I like to define lean to our new employees as “continual improvement through the continual elimination of waste.” They quickly get the point.
“Waste” is any task or function that adds no value to the customer. It’s not real work. It’s just stuff that we do that the customer is not willing to pay for.
Where’s the Waste?
It has been nine years since I first learned about how to implement lean in the collision repair industry, and nine years since our first full-blown kaizen event. So that’s nine years of seeing and attempting to eliminate waste in the process of repairing collision-damaged vehicles (that includes everything required to take a customer from the moment the vehicle comes to rest to having the cash clear the bank for the completed repairs).
Most people I meet want to know where the biggest waste is, and I usually throw it back at them and ask, “Where do you think it is?” And it’s always interesting how far off those people’s answers are from where waste really lives.
Most people want to relate waste to the problems they face every day, such as parts quality, a lack of skilled technicians and the problems unskilled people create, and trying to blend within a panel when it’s impossible. While all these are all good points and do represent waste, they also indicate that the vast majority of repairers are completely missing the boat. This is not meant as an insult but rather to illustrate how blind most of us are to real waste. And by the way, insurers are just as bad at missing the boat if not worse!
The Mother of All Waste
So, where does the big waste live? One word – ESTIMATING. It is the mother of almost every other waste we deal with.
Start by looking at the value in estimating, remembering that value is defined as “a task that the customer is willing to pay for.” Why do something if the customer doesn’t want it? For example, does the customer want an estimate? Ask yourself what the customer really wants when she comes into your shop after an accident. Would she want you to prepare an estimate of repairs needed to fix her car if she knew your estimate is not accurate nearly 100 percent of the time? Would she be comfortable paying you on the spot for some paperwork that is an incorrect representation of what’s wrong with the vehicle as well as what it’s going to cost to repair it?
The obvious answer is no. No one in their right mind is going to hand over their hard-earned money to have you do some half-assed number-punching into a computer without even understanding what’s damaged. That’s the same as talking to a doctor over the phone about a pain in your head and scheduling brain surgery. The fact is that the process of estimating is a leftover, antiquated practice that made more sense in 1948, when knowing what was wrong with a vehicle’s body after a crash wasn’t quite so mysterious. It makes no sense in 2008.
But this is just the tip of the iceberg. Estimating being a worthless and irresponsible activity is only the start. I said earlier that this activity was the mother of almost all of the waste in the collision repair process. Let me further explain.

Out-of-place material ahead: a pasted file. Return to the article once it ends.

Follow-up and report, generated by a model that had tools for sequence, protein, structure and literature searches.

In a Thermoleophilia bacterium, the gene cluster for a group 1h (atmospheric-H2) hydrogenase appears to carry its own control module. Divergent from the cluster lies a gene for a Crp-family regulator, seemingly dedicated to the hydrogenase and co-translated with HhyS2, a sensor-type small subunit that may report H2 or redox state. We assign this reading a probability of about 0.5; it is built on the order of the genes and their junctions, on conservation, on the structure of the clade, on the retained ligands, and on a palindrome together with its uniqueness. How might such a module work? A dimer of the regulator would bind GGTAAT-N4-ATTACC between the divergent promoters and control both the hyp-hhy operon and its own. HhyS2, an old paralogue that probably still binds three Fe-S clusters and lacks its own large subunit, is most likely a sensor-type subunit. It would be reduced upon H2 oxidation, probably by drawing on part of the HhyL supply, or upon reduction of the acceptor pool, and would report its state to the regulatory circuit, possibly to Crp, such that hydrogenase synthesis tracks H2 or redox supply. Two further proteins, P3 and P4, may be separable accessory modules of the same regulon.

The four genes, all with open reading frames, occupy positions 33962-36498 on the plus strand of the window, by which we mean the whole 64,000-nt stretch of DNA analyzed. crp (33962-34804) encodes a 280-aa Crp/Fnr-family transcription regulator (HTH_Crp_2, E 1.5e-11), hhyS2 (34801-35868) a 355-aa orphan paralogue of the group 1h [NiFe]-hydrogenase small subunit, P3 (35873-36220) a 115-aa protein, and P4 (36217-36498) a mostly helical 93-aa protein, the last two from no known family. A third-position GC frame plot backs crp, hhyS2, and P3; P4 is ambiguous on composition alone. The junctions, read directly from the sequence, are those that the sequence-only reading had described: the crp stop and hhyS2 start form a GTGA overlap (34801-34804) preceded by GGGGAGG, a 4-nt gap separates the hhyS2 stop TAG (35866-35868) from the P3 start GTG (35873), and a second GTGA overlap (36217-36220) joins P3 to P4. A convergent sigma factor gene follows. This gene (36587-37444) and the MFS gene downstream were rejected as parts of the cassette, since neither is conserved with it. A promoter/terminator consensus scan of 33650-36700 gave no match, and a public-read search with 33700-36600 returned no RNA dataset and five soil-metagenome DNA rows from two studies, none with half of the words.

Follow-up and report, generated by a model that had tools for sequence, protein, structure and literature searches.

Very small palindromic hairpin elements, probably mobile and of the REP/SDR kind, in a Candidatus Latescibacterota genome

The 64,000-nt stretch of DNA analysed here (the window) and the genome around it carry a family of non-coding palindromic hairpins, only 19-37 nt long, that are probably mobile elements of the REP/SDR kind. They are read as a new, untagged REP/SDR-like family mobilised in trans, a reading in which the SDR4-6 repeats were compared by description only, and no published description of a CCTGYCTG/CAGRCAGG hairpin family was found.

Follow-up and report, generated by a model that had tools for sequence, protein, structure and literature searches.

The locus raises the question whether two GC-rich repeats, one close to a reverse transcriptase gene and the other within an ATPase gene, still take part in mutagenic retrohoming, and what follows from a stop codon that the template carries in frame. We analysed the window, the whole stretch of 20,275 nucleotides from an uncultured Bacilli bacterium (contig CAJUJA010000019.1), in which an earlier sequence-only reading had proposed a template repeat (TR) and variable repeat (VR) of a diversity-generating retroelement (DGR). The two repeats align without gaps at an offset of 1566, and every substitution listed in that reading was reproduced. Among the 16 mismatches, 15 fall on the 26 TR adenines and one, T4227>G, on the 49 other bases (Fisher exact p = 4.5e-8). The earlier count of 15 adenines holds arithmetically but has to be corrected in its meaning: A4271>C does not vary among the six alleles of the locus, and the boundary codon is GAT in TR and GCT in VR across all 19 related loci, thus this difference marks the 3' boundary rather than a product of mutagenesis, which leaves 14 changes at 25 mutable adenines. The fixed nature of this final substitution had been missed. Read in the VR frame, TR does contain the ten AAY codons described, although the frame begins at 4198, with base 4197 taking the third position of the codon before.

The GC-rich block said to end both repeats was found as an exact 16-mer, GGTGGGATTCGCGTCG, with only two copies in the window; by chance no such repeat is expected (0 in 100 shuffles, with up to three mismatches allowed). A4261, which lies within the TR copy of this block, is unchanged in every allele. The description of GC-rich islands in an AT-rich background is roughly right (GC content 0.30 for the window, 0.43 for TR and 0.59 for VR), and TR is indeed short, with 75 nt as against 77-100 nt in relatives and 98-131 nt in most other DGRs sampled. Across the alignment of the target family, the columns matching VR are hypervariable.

A Monster in Motion
What’s the cost to the shop? Take a look at your total estimating staff. What’s the average expense for these folks? While not all of their work is associated with preparing incorrect appraisals of damage, much of what they do is.
But it’s not just the cost of preparing the estimate itself but the inevitable supplement. If you look at the work that’s required to process the supplement, isn’t there nearly as much time and effort spent to process it as the actual estimate?
And what about subsequent supplements? We’ve found that most collision repairs produce on average three estimates: the original, the supplement, and finally, the invoice for the repair that cleans up all the prior mistakes. Isn’t the inevitable supplement really just a “comeback” on the original estimate? Shouldn’t you consider the supplement the same as redoing body work for pinholes or waviness? If this is true, and you could fix it so that you only needed to write one estimate that was 100 percent correct, wouldn’t your expense end up being about one-third of what it is today? But there’s more.
Typically (as the result of much insurer influence), these estimates are used to start the parts ordering process. Think about the system you use to process a parts order and the associated expense. You probably bring the estimate into a management system and then call vendors, locate stock, create purchase orders, do something to track the POs, follow up, receive these “estimated parts,” open them, check them, move them, store them, receive the invoices into the system for payment and communicate the status to several parties. And you do this, by the way, understanding that you’re going to do it all over again once the vehicle repair starts and techs identify the wrong or missing parts needed at that moment.
Now add in the return process and map out for yourself how much paperwork, motion, communication, accounting, scheduling and follow-up is required to make a return. Now add all the cash missing from your bank account that you spent on all this junk that’s never going to be used. One more thing…don’t break any of that stuff or throw out the boxes if you want to get your money back.
The customer understands the minute she walks into your shop that you’re a professional. Surely you know what you’re doing. Why in the world would you ever go through all this up-front work to repair her vehicle if you were wrong?
So what’s the cost when you have to inform the customer that you’ve made a mistake and a supplement is needed? You told her the job would take three or four days and she believed you. Now you’re answering her calls on the fourth day and telling her, “Well, we ran into some trouble…” At that point, your credibility is shot. Be prepared for a thorough examination of every nick and ding on that vehicle at delivery, and start picking up rental days or, at the least, paying people to spend hours on the phone each day dealing with insurer and rental agency calls.
And what about the rental? When the initial estimate is used by the insurer to calculate rentals days, what is the customer’s reaction to the actual repair time once she understands it? How many times have you seen customers panic when they’re told by the shop that the repair is a seven-day job and they only have a voucher for a two-day rental? What’s the real cost here?